Alright, so, it has been a while since my last post, and today I have an email to share. I sent this email around to my family quite a while back. Be warned that there are most likely typographical errors, and this was written at a time when I was tired. I don't have much time to proofread it now, but I'll do what I can. If you have any corrections, leave a comment and I will give do my best to give you credit for spotting them. Enough said, here it is:
I'm sure you are all well aware of the fact that there are many active people/groups today that would love to steal your identity. This is intended as an informational aide, to help you make your online experience safer.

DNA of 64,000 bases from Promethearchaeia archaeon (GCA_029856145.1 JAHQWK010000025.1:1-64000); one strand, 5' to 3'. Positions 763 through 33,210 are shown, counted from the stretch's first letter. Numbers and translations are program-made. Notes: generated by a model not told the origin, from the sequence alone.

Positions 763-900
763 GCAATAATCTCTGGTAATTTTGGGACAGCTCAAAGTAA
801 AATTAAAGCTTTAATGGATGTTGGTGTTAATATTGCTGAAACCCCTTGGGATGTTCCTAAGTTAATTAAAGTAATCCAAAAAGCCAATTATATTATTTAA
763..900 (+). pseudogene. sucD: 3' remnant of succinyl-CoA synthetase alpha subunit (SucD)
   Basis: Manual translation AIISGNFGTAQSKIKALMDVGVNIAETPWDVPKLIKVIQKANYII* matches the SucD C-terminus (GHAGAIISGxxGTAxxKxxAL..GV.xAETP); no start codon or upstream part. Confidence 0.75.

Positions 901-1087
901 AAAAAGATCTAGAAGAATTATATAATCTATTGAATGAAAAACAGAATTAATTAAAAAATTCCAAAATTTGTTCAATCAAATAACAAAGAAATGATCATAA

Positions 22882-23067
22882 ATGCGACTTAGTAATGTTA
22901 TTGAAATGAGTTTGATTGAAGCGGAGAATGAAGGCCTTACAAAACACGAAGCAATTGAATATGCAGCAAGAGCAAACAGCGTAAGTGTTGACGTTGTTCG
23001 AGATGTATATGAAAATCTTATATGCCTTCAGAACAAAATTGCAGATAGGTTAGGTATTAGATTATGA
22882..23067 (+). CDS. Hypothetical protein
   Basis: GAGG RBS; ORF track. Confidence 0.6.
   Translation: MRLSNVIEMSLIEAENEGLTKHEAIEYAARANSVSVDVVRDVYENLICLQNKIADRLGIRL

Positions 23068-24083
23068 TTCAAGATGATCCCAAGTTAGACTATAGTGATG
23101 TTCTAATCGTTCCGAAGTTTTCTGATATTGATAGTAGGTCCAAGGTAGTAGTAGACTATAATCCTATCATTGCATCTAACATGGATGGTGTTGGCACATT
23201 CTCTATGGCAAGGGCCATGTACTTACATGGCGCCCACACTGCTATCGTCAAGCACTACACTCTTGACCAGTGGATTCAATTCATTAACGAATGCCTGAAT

1. Don't be stupid - Never give out any type of personal information willy-nilly, especially if you get a pop-up that says something like "Enter your SS# here and get a free pizza from Papa Johns!" Okay, that was a lame example. In reality, these types of things can be very hard to detect. There are also sites that look like a legitimate site, such as Paypal, but it really could be a site set up specifically to fool you into entering your personal information, and then using it as the owner(s) of the fake-Paypal-site choose. Often, with these types of sites, your personal information may even be sold to other criminals to be used even more.